Some of America's leading corporate CEOs participated in a day-long event Tuesday to mark the formal re-dedication of Fulton Hall, which re-opened earlier this year after a nearly 18-month renovation project.
The dedication ceremony featured a keynote address by Xerox Corp. Chairman and Chief Executive Officer Paul A. Allaire and drew approximately 200 members and friends of the University community. Earlier in the day, Ford Motor Co. Chairman and CEO Alexander J. Trotman and Fidelity Investments Chairman and CEO Edward C. Johnson 3d, spoke at a luncheon hosted by the Chief Executives Club of Boston.
"Clearly, the architects have marvelously succeeded in creating a building that is aesthetically worthy of being called one of the finest architectural gems on campus," said University President J. Donald Monan, SJ, at the campus ceremony.
Fr. Monan also gave thanks to all those faculty members and students who endured the inconvenience of the renovations that started in the summer of 1993. The building, constructed in 1948 and named in honor of former Boston College President Robert S. Fulton, SJ, now features an additional 43,000 square feet, including an atrium and fifth floor, and new technology in its classrooms and auditoriums.
"This gathering, marking the opening of a new home for our Carroll School of Management, is more than a celebration of a splendid addition to the University's academic facilities," said Boston College Trustee Chairman Geoffrey Boisi, who was master of ceremonies. "It is also - and perhaps more importantly - a testimonial to the unique history and distinct character of Boston College."
CSOM Dean John Neuhauser said Fulton contains classrooms that reflect the best practices of professional education, provides reasons for faculty and students to encounter each other easily and naturally, and provides the space and technology for continual faculty and student growth.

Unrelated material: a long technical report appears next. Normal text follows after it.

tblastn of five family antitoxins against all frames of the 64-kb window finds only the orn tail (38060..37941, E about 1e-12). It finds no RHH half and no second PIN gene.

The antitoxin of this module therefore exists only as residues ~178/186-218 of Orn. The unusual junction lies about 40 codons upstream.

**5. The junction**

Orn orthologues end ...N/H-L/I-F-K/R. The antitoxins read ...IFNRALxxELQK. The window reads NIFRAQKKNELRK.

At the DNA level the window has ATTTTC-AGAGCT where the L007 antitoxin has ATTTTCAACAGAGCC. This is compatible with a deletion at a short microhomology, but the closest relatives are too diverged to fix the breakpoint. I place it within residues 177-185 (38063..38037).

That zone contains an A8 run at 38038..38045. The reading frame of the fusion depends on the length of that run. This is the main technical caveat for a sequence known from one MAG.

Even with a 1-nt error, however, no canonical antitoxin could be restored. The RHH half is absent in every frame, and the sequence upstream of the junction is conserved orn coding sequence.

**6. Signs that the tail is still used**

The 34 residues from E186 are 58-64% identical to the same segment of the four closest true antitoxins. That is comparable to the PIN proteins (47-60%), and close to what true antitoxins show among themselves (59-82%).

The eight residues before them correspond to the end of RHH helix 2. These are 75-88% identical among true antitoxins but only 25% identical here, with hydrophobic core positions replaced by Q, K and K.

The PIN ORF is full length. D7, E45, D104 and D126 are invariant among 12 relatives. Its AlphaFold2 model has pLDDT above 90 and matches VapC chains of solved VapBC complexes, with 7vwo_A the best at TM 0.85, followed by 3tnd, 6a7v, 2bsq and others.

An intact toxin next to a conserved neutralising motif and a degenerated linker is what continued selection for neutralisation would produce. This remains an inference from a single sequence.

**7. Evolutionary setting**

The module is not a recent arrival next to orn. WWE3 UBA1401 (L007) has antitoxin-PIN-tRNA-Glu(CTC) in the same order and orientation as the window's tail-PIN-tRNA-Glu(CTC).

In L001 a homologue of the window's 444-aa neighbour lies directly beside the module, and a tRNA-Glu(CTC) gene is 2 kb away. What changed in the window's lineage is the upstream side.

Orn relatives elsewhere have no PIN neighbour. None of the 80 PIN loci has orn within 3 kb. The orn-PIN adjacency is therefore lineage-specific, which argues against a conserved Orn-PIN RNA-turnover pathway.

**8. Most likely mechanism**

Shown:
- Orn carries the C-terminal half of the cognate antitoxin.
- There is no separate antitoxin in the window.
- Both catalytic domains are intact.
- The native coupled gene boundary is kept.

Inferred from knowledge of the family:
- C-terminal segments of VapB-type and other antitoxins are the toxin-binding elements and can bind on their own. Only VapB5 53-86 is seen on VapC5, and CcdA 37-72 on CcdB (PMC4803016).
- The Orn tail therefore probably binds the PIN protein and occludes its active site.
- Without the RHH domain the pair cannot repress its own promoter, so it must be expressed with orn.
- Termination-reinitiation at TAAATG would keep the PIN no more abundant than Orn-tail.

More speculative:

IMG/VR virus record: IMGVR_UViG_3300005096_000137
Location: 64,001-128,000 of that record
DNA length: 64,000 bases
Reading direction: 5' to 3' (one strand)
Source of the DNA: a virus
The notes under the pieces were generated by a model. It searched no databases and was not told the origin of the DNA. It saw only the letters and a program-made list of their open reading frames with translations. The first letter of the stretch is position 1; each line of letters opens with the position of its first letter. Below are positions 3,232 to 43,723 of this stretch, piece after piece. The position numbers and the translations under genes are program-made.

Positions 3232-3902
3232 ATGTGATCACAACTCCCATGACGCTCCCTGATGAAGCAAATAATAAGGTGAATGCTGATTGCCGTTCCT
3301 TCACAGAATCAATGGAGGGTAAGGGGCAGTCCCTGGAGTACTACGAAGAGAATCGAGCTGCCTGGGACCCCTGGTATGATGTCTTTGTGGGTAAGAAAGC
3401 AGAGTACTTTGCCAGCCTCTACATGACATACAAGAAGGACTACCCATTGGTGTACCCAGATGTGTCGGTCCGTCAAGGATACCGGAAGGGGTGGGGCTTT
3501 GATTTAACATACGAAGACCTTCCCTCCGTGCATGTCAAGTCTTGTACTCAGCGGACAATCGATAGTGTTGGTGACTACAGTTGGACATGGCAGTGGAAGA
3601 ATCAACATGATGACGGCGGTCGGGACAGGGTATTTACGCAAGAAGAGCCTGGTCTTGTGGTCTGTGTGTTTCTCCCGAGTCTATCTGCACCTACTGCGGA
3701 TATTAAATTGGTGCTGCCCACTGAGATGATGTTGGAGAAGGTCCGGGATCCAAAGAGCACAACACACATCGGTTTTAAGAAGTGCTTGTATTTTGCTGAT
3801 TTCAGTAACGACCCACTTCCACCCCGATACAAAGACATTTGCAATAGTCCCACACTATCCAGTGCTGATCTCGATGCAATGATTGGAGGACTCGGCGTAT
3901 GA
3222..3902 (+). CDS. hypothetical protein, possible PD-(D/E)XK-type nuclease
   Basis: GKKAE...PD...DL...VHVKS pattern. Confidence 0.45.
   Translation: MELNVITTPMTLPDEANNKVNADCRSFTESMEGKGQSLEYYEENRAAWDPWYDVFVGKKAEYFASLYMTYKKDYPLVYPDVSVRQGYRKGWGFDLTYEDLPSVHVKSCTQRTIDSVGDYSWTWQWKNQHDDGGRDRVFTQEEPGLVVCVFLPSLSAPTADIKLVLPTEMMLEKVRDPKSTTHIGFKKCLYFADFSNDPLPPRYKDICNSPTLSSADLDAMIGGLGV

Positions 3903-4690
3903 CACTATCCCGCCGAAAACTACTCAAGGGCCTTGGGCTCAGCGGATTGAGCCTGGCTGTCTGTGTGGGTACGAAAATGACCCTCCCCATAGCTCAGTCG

"This new Fulton Hall has done all [that] while establishing a symbol of what we can become," said Neuhauser, who along with Boisi praised the many benefactors of the Fulton project.
Allaire's talk, "The New Productivity: A Growth Strategy for America," focused on the relationship of quality to new productivity and the implications both have for growth in the American economy. Total quality management is the business practice of the 1990s, Allaire said, but quality alone is not enough. Quality is based on specific values, including discipline, teamwork, and consistency, he said, all hallmarks of Japanese society.
"We cannot expect to do better than our Japanese competition using only quality management," he said "They have an inherent structural advantage. On the other hand, America has some sources of potential advantage in its environment, including diversity, creativity and the entrepreneurial energy in its workforce.
"If America is to remain strong and competitive in global economies," Allaire said, "we have to use quality as a foundation, but we have to focus quality on this new productivity that really unleashes the creativity and common sense of our people to create value for customers."
Business schools must participate in this change, he said, by preparing students in total quality management. In addition, he said, "business students should work on issues over the horizon, the ones we in the business community don't see yet. If they grasp this new productivity, the power of our people to create value and unleash creativity will be celebrated."
CSOM senior Leonardine Pacombe, winner of the 1995 Martin Luther King Scholarship, and Assoc. Prof. Michael McFarland, SJ (CSOM), also spoke.
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